Is Cloud-Computing Centralized or Decentralized? (Part 3)

Previous [Part 2]

Home Computers and The Internet

Another technological breakthrough , the micro-processor in the early 70ties (the first commercially available micr0-process was the 4004 from Intel) changed the computer industrie in a way it never happened before. The Altair 8800 was a micro-computer construction set for around 500$ that laid the ground for computer pioneers in the USA and a democratization of access to computers. The first operating system CP/M and programming languages like BASIC created a thriving eco-system around micro-computers with applications outside the classical enterprise domain like gaming, music and graphics, learning vocabulary or maths. The computer found its way into the home – and becomes smaller, more powerful, better graphics: Apple 2, PET 2001, ZX81/Commodore 64, MacIntosh, and of course the triumph of the PC and Microsoft that somehow inherited the PC monopoly from IBM. In the entreprise, we see the raise of Mini-Computers and DEC – also for researches and smaller enterprises – that died with the raise of the PC.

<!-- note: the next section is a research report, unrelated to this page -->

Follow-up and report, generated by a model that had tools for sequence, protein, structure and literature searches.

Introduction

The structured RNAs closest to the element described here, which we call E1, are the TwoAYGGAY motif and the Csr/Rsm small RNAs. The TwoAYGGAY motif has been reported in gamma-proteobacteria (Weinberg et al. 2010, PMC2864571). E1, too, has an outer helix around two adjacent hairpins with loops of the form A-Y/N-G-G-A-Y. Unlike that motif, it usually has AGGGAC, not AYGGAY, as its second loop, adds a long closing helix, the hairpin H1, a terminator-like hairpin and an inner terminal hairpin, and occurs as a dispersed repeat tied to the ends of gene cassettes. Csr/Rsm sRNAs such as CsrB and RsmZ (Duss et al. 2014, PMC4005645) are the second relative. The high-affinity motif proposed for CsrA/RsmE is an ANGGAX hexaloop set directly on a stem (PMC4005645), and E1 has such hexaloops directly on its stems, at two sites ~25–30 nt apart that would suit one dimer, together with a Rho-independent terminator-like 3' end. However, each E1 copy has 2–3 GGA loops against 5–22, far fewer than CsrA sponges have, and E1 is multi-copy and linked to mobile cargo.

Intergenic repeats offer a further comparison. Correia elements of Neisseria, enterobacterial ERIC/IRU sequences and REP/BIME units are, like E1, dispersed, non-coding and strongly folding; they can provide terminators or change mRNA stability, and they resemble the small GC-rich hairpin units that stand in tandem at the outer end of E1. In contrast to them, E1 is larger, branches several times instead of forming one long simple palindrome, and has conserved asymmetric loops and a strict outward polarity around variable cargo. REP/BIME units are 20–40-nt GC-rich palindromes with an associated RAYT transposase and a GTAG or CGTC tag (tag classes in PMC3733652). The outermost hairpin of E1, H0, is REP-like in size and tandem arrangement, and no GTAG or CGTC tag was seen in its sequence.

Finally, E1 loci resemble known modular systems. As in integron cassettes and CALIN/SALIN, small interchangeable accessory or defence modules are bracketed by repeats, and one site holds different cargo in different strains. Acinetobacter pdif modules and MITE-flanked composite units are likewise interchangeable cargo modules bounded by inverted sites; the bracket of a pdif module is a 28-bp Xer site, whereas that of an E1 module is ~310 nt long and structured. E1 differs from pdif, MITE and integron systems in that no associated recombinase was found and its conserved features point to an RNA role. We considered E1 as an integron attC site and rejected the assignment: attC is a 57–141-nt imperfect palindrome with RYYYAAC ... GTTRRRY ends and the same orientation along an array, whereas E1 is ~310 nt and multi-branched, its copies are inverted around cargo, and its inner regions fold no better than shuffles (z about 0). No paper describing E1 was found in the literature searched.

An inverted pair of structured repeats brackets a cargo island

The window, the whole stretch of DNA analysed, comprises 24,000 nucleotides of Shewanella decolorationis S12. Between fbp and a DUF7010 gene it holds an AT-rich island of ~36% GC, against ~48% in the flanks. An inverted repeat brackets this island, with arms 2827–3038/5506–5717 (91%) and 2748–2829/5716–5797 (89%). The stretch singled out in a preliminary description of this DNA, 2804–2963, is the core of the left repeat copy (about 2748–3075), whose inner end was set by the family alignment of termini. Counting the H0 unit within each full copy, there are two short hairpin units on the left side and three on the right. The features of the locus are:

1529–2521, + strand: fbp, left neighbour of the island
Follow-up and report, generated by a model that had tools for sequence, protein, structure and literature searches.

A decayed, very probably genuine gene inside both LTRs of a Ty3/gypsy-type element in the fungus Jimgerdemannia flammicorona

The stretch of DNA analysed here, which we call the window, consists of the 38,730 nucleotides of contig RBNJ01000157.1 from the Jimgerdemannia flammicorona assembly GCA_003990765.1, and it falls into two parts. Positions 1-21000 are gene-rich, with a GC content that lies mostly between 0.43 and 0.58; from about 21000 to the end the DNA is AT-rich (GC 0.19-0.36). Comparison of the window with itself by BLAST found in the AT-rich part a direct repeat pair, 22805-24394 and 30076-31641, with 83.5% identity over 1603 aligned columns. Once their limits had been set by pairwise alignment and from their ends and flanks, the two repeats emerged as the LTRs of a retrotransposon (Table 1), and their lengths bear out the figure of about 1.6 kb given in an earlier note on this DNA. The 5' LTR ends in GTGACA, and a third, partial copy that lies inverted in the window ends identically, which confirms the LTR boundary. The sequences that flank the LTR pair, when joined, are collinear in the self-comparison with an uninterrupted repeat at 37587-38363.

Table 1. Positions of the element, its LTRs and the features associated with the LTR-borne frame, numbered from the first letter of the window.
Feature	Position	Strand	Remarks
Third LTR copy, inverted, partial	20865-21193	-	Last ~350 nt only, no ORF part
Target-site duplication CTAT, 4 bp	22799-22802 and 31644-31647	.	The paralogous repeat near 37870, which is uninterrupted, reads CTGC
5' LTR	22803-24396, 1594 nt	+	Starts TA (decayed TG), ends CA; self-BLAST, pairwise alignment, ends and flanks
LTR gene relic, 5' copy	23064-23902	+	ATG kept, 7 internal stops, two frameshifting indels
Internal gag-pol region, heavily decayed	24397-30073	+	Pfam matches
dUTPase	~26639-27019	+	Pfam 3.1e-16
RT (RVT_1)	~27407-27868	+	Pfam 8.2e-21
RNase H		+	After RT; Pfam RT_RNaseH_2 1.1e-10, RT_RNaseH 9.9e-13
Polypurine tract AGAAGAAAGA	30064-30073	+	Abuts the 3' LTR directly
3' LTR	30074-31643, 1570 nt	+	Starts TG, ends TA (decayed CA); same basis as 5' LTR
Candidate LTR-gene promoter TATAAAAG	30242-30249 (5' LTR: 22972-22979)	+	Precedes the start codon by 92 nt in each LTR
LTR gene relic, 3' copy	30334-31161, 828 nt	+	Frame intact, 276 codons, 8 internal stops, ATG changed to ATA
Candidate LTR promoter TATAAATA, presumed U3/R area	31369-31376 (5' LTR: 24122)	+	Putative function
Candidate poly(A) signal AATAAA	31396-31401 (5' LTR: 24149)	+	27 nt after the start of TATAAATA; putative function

Already In the 70s, computer started to be connected (remember the ARPANET project) and laid the basis for the Internet and the World Wide Web that began to conquer the world in the 90 of the last century. The first web-applications (E-Commerce, what else?) started to pop-up in the mid 90ies. Given the today definitions of cloud computing and its different flavors IaaS, PaaS, and SaaS, web-applications were the first form of cloud computing. Amazon’s web-shop, Yahoo’s directory service, Google’s search engine, Flickr’s photo sharing site, WordPress’ blogging-tool, Google’s Gmail and Docs are milestones in the history of web-applications – and what we call SaaS today. In 2006, Amazon launched S3 and EC2, services that allow to allocate computing ressources – storage and virtual servers – via the web. That means, not only applications, but complete data-centers can run somewhere else in the world. The term cloud computing was born – motivated by the little clouds used in network diagrams to describe a network like the Internet transparently.

Continue [Part 4]

2 thoughts on “Is Cloud-Computing Centralized or Decentralized? (Part 3)

  1. Pingback: Is Cloud-Computing Centralized or Decentralized? (Part 2) « Elastic Security

  2. Pingback: Is Cloud-Computing Centralized or Decentralized? (Part 4) « Elastic Security

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